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dc.contributor.authorLussier, L.L.
dc.contributor.authorMontgomery, M.T.
dc.contributor.authorBell, M.M.
dc.date.accessioned2015-08-06T22:47:53Z
dc.date.available2015-08-06T22:47:53Z
dc.date.issued2014
dc.identifier.citationAtmos. Chem. Phys., 14, 8795–8812, 2014en_US
dc.identifier.urihttp://hdl.handle.net/10945/45980
dc.descriptionThe article of record as published may be located at http://dx.doi.org/10.5194/acp-14-8795-2014en_US
dc.description.abstractAircraft reconnaissance data collected during the Tropical Cyclone Structure 2008 field campaign are used to examine further kinematical, dynamical, and thermodynamical aspects of the genesis of Typhoon Nuri. Data from the first two missions into the pre-Nuri disturbance document the transition from a tropical wave to a tropical depression. Dropwindsonde-derived tangential wind profiles at several radii from the low-level circulation center indicate that the magnitude of low-level circulation increases and that the corresponding tangential velocity maximum moves inward from the first to second reconnaissance mission. To compliment these findings, a three-dimensional variational analysis incorporating both dropwindsonde and aircraft Doppler radar data is conducted. These data are used to perform circulation tendency calculations at multiple distances from the lowlevel circulation center. The results demonstrate a net spinup of the system-scale circulation in the low levels near the center and in the outer regions of the recirculating Kelvin cat’s eye circulation. In these regions, the spin-up tendency due to the influx of cyclonic absolute vorticity exceeds the frictional spin-down tendency for both Nuri missions. The system-scale spin-up is found to be accompanied by areas of low-level vorticity concentration through vortex-tube stretching associated with cumulus convection. The areal coverage and intensity of these high-vorticity regions increase between the first and second Nuri missions. The findings of this study are consistent in some respects to the Nuri observational analysis carried out by Raymond and López-Carrillo (2011), but differ in their suggested key results and related scientific implications that the pre-Nuri disturbance was spinning down in the planetary boundary layer on the first day of observations. The findings herein strongly support a recent tropical cyclogenesis model positing that the Kelvin cat’s eye circulation of the parent wavelike disturbance provides a favorable environment for convective vorticity organization and low-level spin-up on the mesoscale.en_US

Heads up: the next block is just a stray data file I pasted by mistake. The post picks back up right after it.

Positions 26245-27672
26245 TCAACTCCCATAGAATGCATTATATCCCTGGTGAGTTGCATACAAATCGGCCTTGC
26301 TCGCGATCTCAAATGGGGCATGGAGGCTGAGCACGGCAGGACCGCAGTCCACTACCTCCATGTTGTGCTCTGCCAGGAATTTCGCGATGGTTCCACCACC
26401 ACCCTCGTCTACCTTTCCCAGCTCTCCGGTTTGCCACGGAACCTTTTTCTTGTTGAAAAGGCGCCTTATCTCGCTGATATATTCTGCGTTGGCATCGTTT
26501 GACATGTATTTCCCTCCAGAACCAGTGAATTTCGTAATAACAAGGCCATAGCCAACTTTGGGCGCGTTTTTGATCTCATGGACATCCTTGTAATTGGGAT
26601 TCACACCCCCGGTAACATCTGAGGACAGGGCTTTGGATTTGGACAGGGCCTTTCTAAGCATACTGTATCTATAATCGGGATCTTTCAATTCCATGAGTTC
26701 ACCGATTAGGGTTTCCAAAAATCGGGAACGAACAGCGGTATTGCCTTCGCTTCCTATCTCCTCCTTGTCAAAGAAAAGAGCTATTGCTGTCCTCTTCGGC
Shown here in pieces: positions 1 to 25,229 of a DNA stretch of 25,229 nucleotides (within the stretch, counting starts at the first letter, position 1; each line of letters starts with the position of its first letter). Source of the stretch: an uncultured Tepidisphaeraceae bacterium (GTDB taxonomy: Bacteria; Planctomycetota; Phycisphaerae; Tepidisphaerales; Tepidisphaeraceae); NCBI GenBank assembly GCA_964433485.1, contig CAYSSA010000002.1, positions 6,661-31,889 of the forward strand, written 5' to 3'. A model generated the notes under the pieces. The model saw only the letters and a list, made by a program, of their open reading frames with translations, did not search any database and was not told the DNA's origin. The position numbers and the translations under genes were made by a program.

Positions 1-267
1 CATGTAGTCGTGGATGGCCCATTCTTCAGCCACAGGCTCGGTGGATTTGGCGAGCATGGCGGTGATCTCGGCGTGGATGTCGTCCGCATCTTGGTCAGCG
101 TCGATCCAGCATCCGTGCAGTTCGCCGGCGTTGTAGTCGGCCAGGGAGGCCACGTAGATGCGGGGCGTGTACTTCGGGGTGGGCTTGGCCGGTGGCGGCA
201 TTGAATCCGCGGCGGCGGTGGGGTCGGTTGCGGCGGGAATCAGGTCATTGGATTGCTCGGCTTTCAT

dc.description.sponsorshipLou Lussier acknowledges the support from the National Research Council (NRC), through its Research Associateship Program, and the host institution, the Naval Postgraduate School (NPS) in Monterey, California. The work of all authors was partially supported by the Office of Naval Research (ONR), through award N0001411WX20095, and by the National Science Foundation (NSF), through awards AGS 0733380 and 0851077. The ELDORA and dropwindsonde data for this study were provided by NCAR/EOL under sponsorship of the National Science Foundation.en_US
dc.publisherCopernicus Publications on behalf of the European Geosciences Union.en_US
dc.rightsThis publication is a work of the U.S. Government as defined in Title 17, United States Code, Section 101. Copyright protection is not available for this work in the United States.en_US
dc.titleThe genesis of Typhoon Nuri as observed during the Tropical Cyclone Structure 2008 (TCS-08) field experiment - Part 3: Dynamics of low-level spin-up during the genesisen_US
dc.typeArticleen_US
dc.contributor.departmentMeteorology


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